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The Apple store being constructed on Madison in the stately 1922 limestone-and-marble bank building across from the recently vacated Whitney Museum will be finished by June, a workman on the site graciously told me. He also let me peek through the plastic curtains at a blaze of white marble, until someone shouted to get out of the doorway.
Apple has never confirmed its plans for the retail shop. It secretly and furtively began interior demolition almost a year ago and didn’t even post work permits on the exterior until 311 was flooded with inquiries and complaints. It has refused all requests from the media for comment.
A posse of neighbors opposed to the arrival of Apple sprang together in recent weeks, claiming the store will attract hordes of rowdy “mobs” sleeping on the sidewalk, but it is too late to derail the canny coders from Cupertino.
It’s all being masterminded by Angela Ahrendts, the luxury retailing genius that Apple lured away from Burberry with a $67 million bonus. She’s upscaling the brand, beginning with her soft launch of the iWatch in high-end boutiques in Europe, Asia and, of all places, Hollywood.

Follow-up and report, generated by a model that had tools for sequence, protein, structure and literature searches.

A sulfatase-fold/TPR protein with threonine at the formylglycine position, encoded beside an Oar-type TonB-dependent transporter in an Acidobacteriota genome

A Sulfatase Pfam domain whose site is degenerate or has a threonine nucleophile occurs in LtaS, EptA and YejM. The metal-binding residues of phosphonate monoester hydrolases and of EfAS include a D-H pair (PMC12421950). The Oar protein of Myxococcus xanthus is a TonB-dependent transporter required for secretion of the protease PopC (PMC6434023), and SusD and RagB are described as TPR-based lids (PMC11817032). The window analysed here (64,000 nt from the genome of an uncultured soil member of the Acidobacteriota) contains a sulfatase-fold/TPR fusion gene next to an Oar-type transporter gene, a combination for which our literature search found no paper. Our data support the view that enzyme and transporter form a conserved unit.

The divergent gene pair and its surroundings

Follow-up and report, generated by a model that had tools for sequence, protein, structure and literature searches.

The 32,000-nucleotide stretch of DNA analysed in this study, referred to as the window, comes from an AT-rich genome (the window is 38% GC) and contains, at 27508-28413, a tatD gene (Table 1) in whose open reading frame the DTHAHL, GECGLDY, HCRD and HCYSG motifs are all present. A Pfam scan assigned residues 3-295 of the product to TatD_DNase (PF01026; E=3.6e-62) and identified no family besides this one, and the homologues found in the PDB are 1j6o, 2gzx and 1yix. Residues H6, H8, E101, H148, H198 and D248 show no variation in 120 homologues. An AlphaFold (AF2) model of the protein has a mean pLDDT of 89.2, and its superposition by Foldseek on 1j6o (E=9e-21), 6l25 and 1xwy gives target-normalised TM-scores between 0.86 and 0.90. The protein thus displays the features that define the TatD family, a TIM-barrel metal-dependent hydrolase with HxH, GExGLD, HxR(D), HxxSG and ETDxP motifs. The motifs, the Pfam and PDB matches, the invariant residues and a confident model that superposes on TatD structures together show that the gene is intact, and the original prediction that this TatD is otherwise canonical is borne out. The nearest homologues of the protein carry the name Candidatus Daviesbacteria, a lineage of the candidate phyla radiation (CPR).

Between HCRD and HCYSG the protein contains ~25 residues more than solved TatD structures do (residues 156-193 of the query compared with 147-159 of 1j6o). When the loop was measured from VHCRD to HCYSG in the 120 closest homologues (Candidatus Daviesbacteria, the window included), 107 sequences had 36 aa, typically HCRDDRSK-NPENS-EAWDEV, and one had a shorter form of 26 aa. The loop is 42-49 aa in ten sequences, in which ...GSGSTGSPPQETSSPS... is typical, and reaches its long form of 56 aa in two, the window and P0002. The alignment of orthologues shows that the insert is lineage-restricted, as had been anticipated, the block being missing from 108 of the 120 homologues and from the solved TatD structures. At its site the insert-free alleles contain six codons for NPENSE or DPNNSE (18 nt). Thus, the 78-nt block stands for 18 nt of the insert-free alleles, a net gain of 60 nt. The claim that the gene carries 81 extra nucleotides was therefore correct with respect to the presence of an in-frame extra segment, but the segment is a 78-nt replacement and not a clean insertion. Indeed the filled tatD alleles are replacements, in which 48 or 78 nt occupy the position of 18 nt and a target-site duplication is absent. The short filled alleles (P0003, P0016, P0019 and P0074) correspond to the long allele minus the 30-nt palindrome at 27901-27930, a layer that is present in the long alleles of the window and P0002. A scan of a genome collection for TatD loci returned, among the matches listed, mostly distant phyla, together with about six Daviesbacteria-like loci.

Neighbors kvetching that the new Apple store will transform the block are not wrong. It will, for good and for bad. The area around the 58th and Fifth flagship where the 30-foot glass cube landed almost a decade ago has never been the same.
In an eerie coincidence, both of Apple’s next-door neighbors announced this week they are pulling out. FAO Schwartz will leave this summer, citing rising rents, and A La Vieille Russie, the venerable vintage jeweler across 59th street in The Sherry Netherland since 1961, will slip away next year.
As an historical footnote–do you like historical footnotes?–the editors of Orb remember long ago when the subterranean space now housing the Apple store was a theme restaurant for the General Motors Building. Instead of having tables or booths, diners and drinkers were served while seated in 1950s-era Caddy and Chevy convertibles, as if they were at a drive-in. We’re not making this up–who could? Well, maybe Quentin Tarantino could.